Diplomatic Life Is More Than Tea Parties

As an example, he cited the problems involved in enforcing sanctions against Serbian companies in the late 1990s. Diplomats would have to figure out if a company was indeed Serbian-owned, or maybe it was partially Serbian-owned, or maybe it was part of a conglomerate based in another country.

In more underdeveloped countries, hashing out policy might be less formalized, but no less important. Niels Marquardt, who has been part of the foreign service for 22 years, fondly recalls one of his early tours in Brazzaville, capital of the Republic of Congo.

While his biggest accomplishment was bringing the first two American oil companies into the country, he said his biggest job was acclimating the oil executives to the culture. "Many of these guys had never been overseas," he said, "and now they're in a Marxist police state in Central Africa."

Marquardt also recalls the time he was in Bangkok, working to get Thai companies to raise their employment age and teaching workers to unionize.

"These are people whose average wage was less than $3 a day, whose education level was at the fourth grade," he said. "To have someone from the embassy attend their meetings, it gave them the sense that they were not alone."

Life in Thailand was not just "sipping champagne in air-conditioned rooms," he said. "Here I was in dusty factories, industrial parks, in front of people sitting cross-legged in groups — a very different picture."

Unusual Functions

Most people in the diplomatic corps also noted that their jobs often had more unorthodox demands.

To a degree, work does involve after-hours socializing at those legendary cocktail parties. "At least once a week I feel some compulsion to go," Rauland said. "There are a lot of people you need to talk to at receptions."

While he was serving in France and Germany, Marquardt said, he spent his vacation leading a bicycle tour for visiting Americans tracing the route of the liberation of France. He gave 50 speeches at 50 locations over the course of a week, he said proudly.

In Bangkok, part of his duties fell in the consular cone, where he visited Americans in prison, providing them with magazines. "Guilty or innocent, they are entitled to certain basic support as Americans," he said.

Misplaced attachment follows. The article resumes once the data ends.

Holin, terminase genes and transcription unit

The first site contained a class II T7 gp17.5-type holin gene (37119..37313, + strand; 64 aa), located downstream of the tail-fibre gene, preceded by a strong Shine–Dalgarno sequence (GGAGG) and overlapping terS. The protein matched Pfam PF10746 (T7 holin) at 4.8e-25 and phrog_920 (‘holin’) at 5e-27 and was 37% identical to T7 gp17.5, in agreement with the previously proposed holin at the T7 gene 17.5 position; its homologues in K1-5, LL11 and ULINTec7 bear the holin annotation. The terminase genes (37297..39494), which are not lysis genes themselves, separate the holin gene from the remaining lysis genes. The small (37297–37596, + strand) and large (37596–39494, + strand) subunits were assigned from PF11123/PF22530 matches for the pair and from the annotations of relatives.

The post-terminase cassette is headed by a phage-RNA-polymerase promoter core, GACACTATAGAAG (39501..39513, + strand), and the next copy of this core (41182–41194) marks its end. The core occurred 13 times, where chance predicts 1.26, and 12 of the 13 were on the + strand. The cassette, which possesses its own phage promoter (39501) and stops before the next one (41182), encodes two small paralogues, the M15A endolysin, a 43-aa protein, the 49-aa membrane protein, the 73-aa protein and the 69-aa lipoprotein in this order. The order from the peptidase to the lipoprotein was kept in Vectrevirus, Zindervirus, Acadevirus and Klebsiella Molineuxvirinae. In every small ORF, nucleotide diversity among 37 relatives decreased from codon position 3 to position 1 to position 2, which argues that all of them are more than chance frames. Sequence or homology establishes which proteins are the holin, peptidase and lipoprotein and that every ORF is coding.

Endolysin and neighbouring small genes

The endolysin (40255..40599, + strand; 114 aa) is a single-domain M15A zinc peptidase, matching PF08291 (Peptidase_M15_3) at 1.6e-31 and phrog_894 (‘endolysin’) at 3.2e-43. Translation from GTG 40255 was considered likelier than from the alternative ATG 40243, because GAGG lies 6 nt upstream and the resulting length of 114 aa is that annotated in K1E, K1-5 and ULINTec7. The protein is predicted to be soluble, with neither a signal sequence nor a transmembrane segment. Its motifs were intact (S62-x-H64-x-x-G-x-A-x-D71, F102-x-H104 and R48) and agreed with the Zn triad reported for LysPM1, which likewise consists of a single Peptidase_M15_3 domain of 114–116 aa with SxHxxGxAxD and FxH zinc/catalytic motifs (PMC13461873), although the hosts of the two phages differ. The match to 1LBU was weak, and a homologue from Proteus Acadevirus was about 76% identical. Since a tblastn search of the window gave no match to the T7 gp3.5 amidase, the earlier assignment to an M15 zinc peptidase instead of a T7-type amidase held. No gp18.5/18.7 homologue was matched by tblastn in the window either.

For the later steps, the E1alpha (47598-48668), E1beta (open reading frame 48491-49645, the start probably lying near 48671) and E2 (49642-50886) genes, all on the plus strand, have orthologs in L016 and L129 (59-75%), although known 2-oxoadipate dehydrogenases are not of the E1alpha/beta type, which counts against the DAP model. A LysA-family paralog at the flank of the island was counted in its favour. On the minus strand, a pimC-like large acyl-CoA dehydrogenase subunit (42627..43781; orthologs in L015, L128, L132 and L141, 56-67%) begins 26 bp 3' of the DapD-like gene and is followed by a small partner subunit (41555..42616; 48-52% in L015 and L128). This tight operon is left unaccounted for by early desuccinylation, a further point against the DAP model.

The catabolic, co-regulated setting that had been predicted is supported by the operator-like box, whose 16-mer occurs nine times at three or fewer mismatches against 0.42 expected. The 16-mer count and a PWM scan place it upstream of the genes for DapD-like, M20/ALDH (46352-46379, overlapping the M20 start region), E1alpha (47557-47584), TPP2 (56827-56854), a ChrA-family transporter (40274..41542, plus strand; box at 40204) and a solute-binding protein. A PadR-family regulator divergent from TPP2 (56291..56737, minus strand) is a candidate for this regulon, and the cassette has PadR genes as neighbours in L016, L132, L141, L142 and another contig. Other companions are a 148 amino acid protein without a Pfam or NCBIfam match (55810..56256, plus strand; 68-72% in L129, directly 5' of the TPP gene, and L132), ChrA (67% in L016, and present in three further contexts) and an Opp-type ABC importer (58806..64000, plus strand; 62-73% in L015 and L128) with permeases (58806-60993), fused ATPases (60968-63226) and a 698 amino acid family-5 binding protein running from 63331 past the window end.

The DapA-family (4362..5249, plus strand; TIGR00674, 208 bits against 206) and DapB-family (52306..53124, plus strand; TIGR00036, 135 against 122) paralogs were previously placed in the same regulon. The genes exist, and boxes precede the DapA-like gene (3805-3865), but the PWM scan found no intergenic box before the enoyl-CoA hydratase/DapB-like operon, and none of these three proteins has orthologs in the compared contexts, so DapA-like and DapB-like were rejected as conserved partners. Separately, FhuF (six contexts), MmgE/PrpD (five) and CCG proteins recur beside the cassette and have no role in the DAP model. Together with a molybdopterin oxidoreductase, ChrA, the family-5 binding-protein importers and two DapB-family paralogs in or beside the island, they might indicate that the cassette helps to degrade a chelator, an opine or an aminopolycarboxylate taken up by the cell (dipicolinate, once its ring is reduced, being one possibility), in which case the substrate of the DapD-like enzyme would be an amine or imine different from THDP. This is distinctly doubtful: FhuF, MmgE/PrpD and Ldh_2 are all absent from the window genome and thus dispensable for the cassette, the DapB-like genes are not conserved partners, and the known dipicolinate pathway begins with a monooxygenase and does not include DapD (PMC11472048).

Aside from issuing visas, consular officers also deal with paperwork, like recording the births and deaths of Americans abroad. Barnes recalled a particularly unusual duty she once had to perform.

An expatriate family's cat died while they were living in Mexico, and for the moment, they had the body stored in their refrigerator. But they wanted to have it buried in the family pet cemetery in Texas.

Barnes was the one who contacted the Agriculture Department to determine how it was to be done.

More to Come

For those looking to the foreign service as a career option, the good news is that this is a better time than ever.

In the spring of 2001, Secretary of State Colin Powell announced a diplomatic readiness initiative that would, among other things, modernize facilities and expand the diplomatic corps.

Marquardt, who is also the State Department's special coordinator for diplomatic readiness, said hiring had doubled from last year, to 465.

Another State Department official said even outside of the post-Sept. 11 environment, it's become obvious that this change is necessary. "There's been a cultural change over the last 20 years," he said. "The world's gotten more complicated."

The diplomatic corps shrank in the last decade, out of the belief that with the end of the Cold War, foreign service officers weren't as necessary, Marquardt said.

But now, he said, "what's clear in the 10, 12 years after the [Berlin] Wall fell is that we need more diplomats, not less."

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